Tag Archives: delicious

Drink Your Veggies!


There are SO many opportunities to sneak in some extra veg – like this delicious smoothie. It features red cabbage (with some peaches, mangoes, strawberries and blueberries for good measure). I topped up the blender with almond milk, a few sunflower seeds, and some cinnamon, and we were all set.

Never Underestimate the Power of Green…

If you’ve been following me for awhile, you know I am a great promoter of buying local. However it’s often darkest before the dawn, and at this time of year, when fresh local produce is just barely trickling into our stores, I have been known to give in to a moment of weakness. I had just such a moment yesterday, when I bought kale that had been trucked in, all the way from Texas. This entire smoothie is as un-local as it gets, with the kale, avocado, almond milk, frozen peach-mango-strawberry mix, cinnamon, and turmeric. 

Despite all this, and the perhaps unappealing colour, it’s delicious. In fact, it has already transformed my day. I could have been grumpy at the freezing temperature, but instead, I’m starting with a spring in my step and a smile in my tummy.

Let’s root, root, root for the team!

Spring is coming, we believe, although the weather is being uncooperative. Here’s a grest dish for the last of those winter veg.

  
This is a lovely vegetable gratin. The directions are unspecific…yet easy. 

Heat the oven to 400F.

Spray a casserole dish with olive oil spray. 

Now begin…

Slice some vegetables thinly, by hand or with a mandolin or food processor.  Layer them in the bottom of the casserole. Sprinkle with herbs, pepper, nutmeg, or other tasty bits. Grate or crumble on a scanty bit of cheese (this is not a cheap discount pizza)!

Repeat for 4 to 6 layers. At learn every second layer should be a root veg, to give body to the thing. Ours was purely potato, carrot, beet and parsnip. But kale, tomato, onion or beans are great additions as long as there are sliced veg on the top and bottom.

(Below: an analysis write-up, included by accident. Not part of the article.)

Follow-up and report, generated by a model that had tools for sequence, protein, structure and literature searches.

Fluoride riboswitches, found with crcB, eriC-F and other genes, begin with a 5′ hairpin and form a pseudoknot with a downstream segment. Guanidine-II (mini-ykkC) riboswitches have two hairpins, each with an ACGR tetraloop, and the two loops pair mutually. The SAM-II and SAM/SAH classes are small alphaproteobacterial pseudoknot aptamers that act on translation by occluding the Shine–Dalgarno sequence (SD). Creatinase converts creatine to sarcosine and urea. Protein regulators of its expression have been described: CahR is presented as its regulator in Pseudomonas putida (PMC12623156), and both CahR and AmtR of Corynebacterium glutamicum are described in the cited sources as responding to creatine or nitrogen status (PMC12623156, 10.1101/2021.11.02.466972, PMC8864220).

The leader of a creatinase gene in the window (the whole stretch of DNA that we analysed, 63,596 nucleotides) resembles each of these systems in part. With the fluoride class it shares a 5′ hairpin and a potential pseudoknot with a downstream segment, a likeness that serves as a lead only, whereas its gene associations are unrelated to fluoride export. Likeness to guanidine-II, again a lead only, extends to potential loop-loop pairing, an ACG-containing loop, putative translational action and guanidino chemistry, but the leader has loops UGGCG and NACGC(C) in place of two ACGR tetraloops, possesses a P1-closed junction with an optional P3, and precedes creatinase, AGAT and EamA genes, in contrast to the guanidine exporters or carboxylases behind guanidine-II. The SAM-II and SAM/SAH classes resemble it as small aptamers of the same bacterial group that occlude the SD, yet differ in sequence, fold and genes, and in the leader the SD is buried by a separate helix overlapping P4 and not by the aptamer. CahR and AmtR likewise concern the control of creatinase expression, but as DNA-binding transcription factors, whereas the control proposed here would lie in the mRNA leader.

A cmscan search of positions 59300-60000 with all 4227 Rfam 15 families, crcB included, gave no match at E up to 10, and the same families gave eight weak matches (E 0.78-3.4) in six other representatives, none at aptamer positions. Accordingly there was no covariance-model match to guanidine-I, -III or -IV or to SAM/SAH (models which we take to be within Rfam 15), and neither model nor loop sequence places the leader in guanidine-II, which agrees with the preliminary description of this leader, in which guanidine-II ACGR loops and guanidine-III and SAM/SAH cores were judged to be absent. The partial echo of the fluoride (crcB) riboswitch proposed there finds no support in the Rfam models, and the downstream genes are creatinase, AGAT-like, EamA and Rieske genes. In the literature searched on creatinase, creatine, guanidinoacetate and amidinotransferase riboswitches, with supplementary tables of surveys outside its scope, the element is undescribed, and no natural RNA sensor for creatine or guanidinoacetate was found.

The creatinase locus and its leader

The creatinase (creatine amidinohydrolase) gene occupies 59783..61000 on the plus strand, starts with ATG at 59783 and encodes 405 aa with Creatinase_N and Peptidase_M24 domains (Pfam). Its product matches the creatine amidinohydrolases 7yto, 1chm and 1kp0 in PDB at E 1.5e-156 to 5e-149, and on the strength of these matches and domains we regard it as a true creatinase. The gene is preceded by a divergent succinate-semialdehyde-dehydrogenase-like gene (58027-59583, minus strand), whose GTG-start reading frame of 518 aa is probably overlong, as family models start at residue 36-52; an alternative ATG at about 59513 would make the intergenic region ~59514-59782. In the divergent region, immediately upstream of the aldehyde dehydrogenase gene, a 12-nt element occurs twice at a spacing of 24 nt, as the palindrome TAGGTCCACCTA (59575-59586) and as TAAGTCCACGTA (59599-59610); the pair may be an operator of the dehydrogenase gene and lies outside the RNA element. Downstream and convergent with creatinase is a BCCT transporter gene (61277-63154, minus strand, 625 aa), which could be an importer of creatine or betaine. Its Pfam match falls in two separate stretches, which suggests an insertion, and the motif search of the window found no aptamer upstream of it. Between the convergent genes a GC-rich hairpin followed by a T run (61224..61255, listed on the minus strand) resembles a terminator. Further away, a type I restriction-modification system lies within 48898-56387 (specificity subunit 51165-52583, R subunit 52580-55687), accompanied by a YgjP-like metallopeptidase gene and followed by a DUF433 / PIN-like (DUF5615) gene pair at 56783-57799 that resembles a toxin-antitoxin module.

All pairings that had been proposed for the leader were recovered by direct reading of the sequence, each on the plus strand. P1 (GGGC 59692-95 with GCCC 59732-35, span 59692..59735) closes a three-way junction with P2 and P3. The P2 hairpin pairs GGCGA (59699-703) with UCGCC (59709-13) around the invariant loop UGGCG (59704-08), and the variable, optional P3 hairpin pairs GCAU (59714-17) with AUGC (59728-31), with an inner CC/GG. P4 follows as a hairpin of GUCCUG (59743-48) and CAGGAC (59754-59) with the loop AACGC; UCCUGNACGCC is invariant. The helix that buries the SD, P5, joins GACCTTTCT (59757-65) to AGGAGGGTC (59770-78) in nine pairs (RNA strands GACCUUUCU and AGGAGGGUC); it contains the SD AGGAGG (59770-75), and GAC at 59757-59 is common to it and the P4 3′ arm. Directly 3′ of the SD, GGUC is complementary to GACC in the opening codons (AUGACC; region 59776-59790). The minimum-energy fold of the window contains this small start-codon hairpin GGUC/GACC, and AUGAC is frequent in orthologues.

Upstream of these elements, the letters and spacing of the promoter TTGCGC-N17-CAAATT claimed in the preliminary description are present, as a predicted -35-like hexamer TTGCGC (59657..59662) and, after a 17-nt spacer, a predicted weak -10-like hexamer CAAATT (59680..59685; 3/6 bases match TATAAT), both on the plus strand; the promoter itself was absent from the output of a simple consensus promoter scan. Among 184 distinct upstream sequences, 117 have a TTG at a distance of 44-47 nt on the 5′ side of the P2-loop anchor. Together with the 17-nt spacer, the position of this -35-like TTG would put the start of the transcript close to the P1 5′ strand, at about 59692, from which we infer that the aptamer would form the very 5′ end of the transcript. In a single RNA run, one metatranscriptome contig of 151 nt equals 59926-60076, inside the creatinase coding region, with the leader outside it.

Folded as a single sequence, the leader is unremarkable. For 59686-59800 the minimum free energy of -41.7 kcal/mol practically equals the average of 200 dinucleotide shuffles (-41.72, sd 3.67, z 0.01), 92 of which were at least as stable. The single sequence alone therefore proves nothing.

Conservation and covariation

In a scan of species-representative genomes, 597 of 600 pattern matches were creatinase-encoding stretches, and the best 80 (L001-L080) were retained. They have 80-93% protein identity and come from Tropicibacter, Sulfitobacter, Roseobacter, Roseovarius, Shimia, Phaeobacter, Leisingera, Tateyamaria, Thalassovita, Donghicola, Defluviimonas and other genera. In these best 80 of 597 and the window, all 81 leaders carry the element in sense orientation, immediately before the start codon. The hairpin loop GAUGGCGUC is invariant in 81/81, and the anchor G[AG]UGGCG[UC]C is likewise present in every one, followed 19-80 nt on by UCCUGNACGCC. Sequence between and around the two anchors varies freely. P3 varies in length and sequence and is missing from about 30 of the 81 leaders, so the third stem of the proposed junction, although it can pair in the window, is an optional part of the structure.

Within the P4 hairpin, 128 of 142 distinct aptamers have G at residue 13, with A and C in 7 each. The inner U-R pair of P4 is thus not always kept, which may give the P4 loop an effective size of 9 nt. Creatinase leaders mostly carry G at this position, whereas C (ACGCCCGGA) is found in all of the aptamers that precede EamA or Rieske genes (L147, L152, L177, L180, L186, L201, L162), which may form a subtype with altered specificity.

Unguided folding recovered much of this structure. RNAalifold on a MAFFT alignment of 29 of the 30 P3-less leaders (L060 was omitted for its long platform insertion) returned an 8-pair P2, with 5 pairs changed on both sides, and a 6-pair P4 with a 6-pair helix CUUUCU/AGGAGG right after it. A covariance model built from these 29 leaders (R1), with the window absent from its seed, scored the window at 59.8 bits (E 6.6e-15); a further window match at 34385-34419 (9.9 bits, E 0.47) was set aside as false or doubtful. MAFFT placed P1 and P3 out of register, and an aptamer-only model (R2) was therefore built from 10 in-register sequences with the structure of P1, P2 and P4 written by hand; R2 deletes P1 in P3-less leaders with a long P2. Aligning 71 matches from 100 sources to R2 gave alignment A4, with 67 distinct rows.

Press the top layer down. Then, grate on some real grated Parmesan – it adds a richness that no other cheese can match.

Bake for 45 minutes with a cover, the remove the cover and give it 15 minutes more. Let it cool 5 minutes before serving. Also great served cold the next day.

On Top of Old Smokey…

We were in California this week, where roadside stands were selling avocados ten for a dollar. (Grapefruit, too!) With the skyrocketing price of produce here in Canada, this is hard to even imagine.

Friends know I am a keen “eat local, make it yourself” advocate. So I’m not going to buy a Brussels sprout that has travelled halfway across the continent when we grow them right here. On the other hand, I have no illusions that the world is going to give up coffee, tea, or spices. So today, I propose a delicious compromise.

On top of a slice of homemade wheat bread, toasted (Canada is a huge provider of wheat to the world), some locally-made Kozlik’s Old Smokey mustard. Then, an avocado (yes, even at $1.29 each, one makes two affordable breakfasts). Finally, local eggs, nicely poached. 

That’s a compromise I can live with!

  

Don’t Waste the Taste!

As part of our “use it up” series, today’s lunch is the remainder of last night’s fish pie.   
It started with leftover celeriac gratin, to which we added some steamed carrots and sliced mushrooms. Any leftover veg would do, though. We also had part of a container of whipping cream, and of course, the last of our amazing roast haddock from Hooked. Again, if you have other leftover fish, or even a tin of wild-caught salmon, this will work nicely. No whipping cream? Try regular milk with a tablespoon of cornstarch stirred in.